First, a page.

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2009/03/05 11:04 KST


North Korea Should Immediately Halt Long-range Missile Launch

By Yoo Ho-yeol (Professor at Korea University in Seoul, Korea)

The world took notice when satellite images came in revealing that North Korea had loaded what appeared to be a Taepodong-2 missile onto a truck at a munitions factory near Pyongyang in early February. Notwithstanding warnings from Seoul and Washington of strict international sanctions, the North proceeded with preparations for what many believe will be its third launch of a ballistic missile since earlier launches in 1999 and 2006.

   For the sake of demonstrating its stake as a responsible member of the international community, Pyongyang must immediately halt all activity related to the launch. Failing to do so will surely damage any hope North Korea has of achieving the goals it pursues, the foremost of which is gaining leverage in future dialogue with the new U.S. administration under Barack Obama.

   Pyongyang is also hoping to cement internal stability through the launch ahead of upcoming rubber-stamp parliamentary elections scheduled for March 8 amid rumors of succession following leader Kim Jong-il's reported health problems. Finally, the North intends to use the launch to escalate tensions along the inter-Korean border in order to isolate Seoul from international talks on Pyongyang's nuclear program.

   According to the North's Korean Committee of Space Technology (KCST), the launch preparations are in fact for what the North calls the Kwangmyongsong-2 satellite, which it says it hopes to send into orbit via the Unha-2 delivery rocket. The aim, according to the KCST, is to demonstrate the scientific and technological achievements of the Kim Jong-il regime.

   Pyongyang's leaders must be content, as their multi-pronged strategy seems to be bearing fruit, at least on the U.S. side. The Obama government sent Secretary of State Hillary Clinton on an unprecedented tour of East Asia, her first official overseas trip in the post and the first time in decades that a secretary of state has made Asia their first stop abroad. Immediately after came the appointment of Stephen Bosworth as Washington's special representative for North Korea. In the South, growing criticism of President Lee Myung-bak's hardline policy against the North may serve to embolden Pyongyang further.

   North Korea's hopes are misplaced, however, as Washington has reaffirmed its commitment to the six-party framework on the full verification and eventual abolition of the North's nuclear program. The Obama government has also come out strongly against any planned launch by Pyongyang, condemning the move as a threat to the peace and stability of the region and warning that such action will inevitably lead to harsh sanctions imposed by the U.N. Security Council on the Kim Jong-il regime. China and Japan have echoed similar views and have emphasized the need to restart the six-party talks.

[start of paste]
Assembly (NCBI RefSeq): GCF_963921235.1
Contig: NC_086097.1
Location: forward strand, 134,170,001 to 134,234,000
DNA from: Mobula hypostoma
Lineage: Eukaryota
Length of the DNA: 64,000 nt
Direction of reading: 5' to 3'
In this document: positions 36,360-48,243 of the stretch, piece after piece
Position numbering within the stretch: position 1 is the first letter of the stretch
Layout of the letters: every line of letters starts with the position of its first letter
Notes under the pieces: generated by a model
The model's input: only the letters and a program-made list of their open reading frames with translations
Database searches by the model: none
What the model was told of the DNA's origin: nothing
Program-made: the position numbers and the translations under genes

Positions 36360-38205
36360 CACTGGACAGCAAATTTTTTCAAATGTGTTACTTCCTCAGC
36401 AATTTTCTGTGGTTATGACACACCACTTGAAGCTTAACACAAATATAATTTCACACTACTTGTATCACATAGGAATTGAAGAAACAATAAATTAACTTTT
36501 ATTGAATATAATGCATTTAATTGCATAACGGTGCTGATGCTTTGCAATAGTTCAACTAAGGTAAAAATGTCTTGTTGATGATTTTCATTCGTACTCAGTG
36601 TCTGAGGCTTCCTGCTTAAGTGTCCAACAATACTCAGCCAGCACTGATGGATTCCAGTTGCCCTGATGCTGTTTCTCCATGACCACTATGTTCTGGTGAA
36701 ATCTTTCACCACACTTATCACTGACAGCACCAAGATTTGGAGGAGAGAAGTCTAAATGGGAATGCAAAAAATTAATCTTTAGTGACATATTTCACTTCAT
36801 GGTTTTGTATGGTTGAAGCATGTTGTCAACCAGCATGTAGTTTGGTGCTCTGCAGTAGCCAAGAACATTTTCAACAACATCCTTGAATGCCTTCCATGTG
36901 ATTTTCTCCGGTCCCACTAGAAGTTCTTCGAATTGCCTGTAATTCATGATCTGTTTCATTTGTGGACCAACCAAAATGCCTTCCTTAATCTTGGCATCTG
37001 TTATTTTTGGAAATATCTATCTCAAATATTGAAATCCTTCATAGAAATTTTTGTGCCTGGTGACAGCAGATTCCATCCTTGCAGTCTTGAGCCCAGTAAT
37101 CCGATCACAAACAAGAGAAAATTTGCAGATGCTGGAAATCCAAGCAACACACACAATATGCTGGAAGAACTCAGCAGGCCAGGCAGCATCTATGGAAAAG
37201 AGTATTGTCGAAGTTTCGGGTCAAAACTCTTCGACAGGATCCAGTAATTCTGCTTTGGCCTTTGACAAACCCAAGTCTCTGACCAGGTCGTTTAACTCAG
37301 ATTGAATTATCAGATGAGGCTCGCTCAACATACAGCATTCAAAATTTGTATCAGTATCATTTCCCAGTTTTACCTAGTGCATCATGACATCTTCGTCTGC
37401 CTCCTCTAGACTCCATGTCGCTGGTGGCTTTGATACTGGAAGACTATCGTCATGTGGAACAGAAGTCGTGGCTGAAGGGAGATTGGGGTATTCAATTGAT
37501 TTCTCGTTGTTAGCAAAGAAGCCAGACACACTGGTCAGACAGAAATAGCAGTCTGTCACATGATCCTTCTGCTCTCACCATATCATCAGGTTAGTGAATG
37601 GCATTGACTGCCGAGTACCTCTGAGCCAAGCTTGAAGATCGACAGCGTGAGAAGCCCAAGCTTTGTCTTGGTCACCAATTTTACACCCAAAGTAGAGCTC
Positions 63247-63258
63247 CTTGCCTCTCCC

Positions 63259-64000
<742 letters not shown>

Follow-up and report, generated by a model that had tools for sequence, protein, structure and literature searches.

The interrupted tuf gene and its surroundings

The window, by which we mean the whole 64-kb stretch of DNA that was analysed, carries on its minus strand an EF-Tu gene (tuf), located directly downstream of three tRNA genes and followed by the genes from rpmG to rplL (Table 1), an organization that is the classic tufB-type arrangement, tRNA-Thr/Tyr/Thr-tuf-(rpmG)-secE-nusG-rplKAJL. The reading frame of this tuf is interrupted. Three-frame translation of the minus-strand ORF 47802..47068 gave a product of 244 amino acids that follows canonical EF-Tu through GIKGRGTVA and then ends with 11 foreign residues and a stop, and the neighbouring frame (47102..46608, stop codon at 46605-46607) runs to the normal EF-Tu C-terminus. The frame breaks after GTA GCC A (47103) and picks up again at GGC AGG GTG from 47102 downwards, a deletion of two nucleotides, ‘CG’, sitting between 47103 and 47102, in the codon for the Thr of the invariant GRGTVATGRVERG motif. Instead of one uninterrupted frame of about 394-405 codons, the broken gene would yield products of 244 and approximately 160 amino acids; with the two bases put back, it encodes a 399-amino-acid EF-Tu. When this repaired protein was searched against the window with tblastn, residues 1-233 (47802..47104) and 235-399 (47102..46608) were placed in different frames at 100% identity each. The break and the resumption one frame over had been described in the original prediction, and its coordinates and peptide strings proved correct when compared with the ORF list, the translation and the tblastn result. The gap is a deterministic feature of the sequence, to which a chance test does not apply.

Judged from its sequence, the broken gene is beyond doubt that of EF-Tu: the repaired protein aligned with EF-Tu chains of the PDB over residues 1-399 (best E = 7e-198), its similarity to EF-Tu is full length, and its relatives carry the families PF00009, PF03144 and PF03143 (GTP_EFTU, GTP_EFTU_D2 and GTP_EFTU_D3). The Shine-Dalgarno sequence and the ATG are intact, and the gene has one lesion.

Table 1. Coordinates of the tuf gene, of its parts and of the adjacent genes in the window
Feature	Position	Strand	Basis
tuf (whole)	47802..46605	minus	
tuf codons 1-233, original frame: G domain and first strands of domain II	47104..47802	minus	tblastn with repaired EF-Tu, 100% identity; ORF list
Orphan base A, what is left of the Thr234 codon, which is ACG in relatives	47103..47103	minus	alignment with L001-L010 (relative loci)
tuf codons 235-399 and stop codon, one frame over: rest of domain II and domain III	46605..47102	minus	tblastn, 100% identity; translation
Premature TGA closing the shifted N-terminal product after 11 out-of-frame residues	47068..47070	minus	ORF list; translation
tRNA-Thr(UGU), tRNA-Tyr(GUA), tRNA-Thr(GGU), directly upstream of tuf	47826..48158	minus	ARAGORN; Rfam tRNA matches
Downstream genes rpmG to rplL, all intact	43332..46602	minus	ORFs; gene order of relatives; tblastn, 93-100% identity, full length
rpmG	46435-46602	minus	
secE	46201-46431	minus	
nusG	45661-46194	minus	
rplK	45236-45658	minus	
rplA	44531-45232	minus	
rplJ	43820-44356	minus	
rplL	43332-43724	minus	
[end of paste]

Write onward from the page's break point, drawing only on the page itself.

Seoul, meanwhile, has maintained a "calm," if resolute, attitude with regards to Pyongyang's increasingly hostile behavior. Even groups ordinarily critical of the government have joined in condemning the North's missile preparations, with the view that a nuclear armed North with the capability to deliver such weapons is unacceptable.

   Not withstanding the homogeneity of opinion that appears to be apparent within North Korea, given its vociferous propaganda machine, discontent within the broader populace must be burgeoning given the chronic lack of food. Considering the enormous cost of sending a satellite into orbit -- if that is in fact what the North is planning -- there are certain to be those, even among the elite, who question the rationale behind such a project given circumstances on the ground. Some may wonder whether such an undertaking is worth the stated goal of proclaiming Kim Jong-il's achievements while paving the way for a smooth succession.

   North Korea's leadership must not underestimate the ramifications of sanctions put in place by the international community. If it believes that it escaped unscathed from the sanctions put upon it following its 2006 missile launch, it is in grave danger of overlooking the dramatic changes that have occurred with time. Unlike the early years of the Chollima Movemment of the postwar late 1950s, modeled after a similar movement in China and named for a mythic winged horse in Korean Legend, today's populace is far more informed about the world beyond their borders. Pyongyang cannot afford to ignore the growing discontent that is taking hold among its people.

   In this day and age, a missile launch by North Korea will not succeed in restarting the clock of history frozen by international sanctions and by the isolation imposed on the country. In light of this, Pyongyang's top leader must immediately scrap plans for what is bound to be an utterly destructive launch.